How to use the Georeferencer

Our Georeferencer tool lets you compare old maps with the latest maps. It's good fun and easy to use.

Here, you'll find an outline on how to get started with the Georeferencer. If you want more help, please read our detailed British Library Georeferencer instructions (PDF format, 2 MB).

Step 1: Sign in

Go to

Click Sign in (See top right hand part of the page)

You will be asked to log in. An account with Georeferencer is free and the 'Sign in with email' option only requires inputting your e-mail address, adding a username and password and then confirming through your email. Alternatively, you may login using an existing account with Facebook, Google, or Twitter.

Once you have signed up you will be taken back to the main page.

Click Fix the location of a map button to get started!

Step 2: Start georeferencing

You will be presented with two map boxes in the Georeference tab (see below); the scanned historic map will appear on the right, with a modern map on the left.

The modern map will be Side by side with the historic map. 

Examine the maps carefully looking to identify spatial relationships. When a location can be identified on both maps, click on that point on one map, followed by the other. You can use the magnifying glass tool to refine the position by clicking and dragging the cross hairs. If you wish to delete a set of points, finish assigning the pair then select the points by clicking on either with the mouse and press the “Delete” button on your keyboard.

The features that are easiest to identify to make links between historic and modern maps are often road junctions as these frequently have not changed since the map’s creation, while watercourses, house/farm names and boundaries of woods and fields have sometimes altered over time.

If you are struggling to identify the geographical area that the map depicts, try clicking on ‘This map’. This tab contains information about the map and might provide some clues. You can also try using the search tool, made available by clicking on the magnifying glass on the left of the modern map. Try typing a place name that you find on the old map into the search tool and the modern map will move to that location.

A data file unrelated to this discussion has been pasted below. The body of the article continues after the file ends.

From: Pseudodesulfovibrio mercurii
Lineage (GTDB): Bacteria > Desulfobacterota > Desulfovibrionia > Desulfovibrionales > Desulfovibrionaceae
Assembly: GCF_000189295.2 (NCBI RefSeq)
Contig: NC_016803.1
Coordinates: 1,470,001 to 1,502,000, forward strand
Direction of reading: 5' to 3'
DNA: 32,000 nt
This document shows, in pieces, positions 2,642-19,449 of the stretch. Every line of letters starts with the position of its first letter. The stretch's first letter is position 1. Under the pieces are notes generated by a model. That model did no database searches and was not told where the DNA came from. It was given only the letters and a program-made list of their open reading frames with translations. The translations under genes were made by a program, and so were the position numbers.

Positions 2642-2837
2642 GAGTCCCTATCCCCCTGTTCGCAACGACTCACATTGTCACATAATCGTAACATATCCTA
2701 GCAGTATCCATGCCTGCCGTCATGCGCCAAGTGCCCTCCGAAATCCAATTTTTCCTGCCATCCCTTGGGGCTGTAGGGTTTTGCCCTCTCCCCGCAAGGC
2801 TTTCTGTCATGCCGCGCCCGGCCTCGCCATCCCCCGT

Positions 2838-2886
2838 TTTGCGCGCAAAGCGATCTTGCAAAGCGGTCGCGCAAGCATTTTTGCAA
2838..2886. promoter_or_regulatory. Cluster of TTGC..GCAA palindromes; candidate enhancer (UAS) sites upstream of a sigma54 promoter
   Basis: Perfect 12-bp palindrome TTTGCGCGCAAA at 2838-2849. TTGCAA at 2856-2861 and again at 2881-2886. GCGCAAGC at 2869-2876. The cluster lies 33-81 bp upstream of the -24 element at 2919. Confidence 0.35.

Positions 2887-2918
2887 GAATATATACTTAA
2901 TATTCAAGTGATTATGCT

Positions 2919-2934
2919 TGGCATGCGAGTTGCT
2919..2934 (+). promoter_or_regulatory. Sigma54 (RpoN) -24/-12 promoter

Assign as many points as you can over the entire map. The minimum is number is five but more points, spread evenly and extending to the margins, will provide more accurate georeferencing and therefore much more valuable data.

When finished, click the “Save” button to the bottom right of the map.

The thank you dialog box will appear. Click View this map. to be taken to the View tab, showing the historic map overlaid over the modern map.

Step 3: Clip

It is now time to remove the border of the map, what we call clipping.

Click back to the Georeference tab, towards the top left.

Click on the clip selector as shown here:

Follow the ‘Clipping the map’ instructions on the right of the page identify the area of the image that contains the map. Remove the border by clicking on the corners and dragging them.

Congratulations, you have georeferenced your first map! Go back to the bottom right corner and click the ‘Next’ button to return the next map to Georeference.

Collection guides

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Geospatial data, cartographic applications, digital aerial photography and scanned-in historic map materials

Western illuminated manuscripts

Approximately 9,000 manuscripts with decoration or illumination

Medieval and early modern British historical manuscripts

Sources for British history before 1600


Terrestrial and celestial globes dating back to 1600 and gores dating to 1544

Ordnance survey mapping

The most comprehensive, publicly accessible collection of Ordnance Survey maps in the world

Fire insurance and shopping centre plans

Fire insurance plans of Great Briatin and other countries dating back to 1885

Datasets for image analysis

Image collections suitable for large-scale image-analysis-based research

Datasets for content mining

Content suitable for use in text and data mining research

War Office Archive maps

Military intelligence maps and associated documents relating to East Africa

Cartographical collections

Travel collections and an extensive series of views by Wilhelm Berger.

Datasets about our collections

Bibliographic datasets relating to our published and archival holdings

Digitised printed books (18th-19th century)

Over 60,000 out-of-copyright digitised books from the 18th and 19th century available for viewing, search, download and digital research.

Russia in the UK Web Archive Collection

Russia in the UK Special Collection, UK Web Archive

UK Web Archive

Preserved web resources of scholarly and cultural importance from the UK domain

King George III Topographical and Maritime collections

30–40,000 maps, plans and views, both printed and hand-drawn, of all parts of the world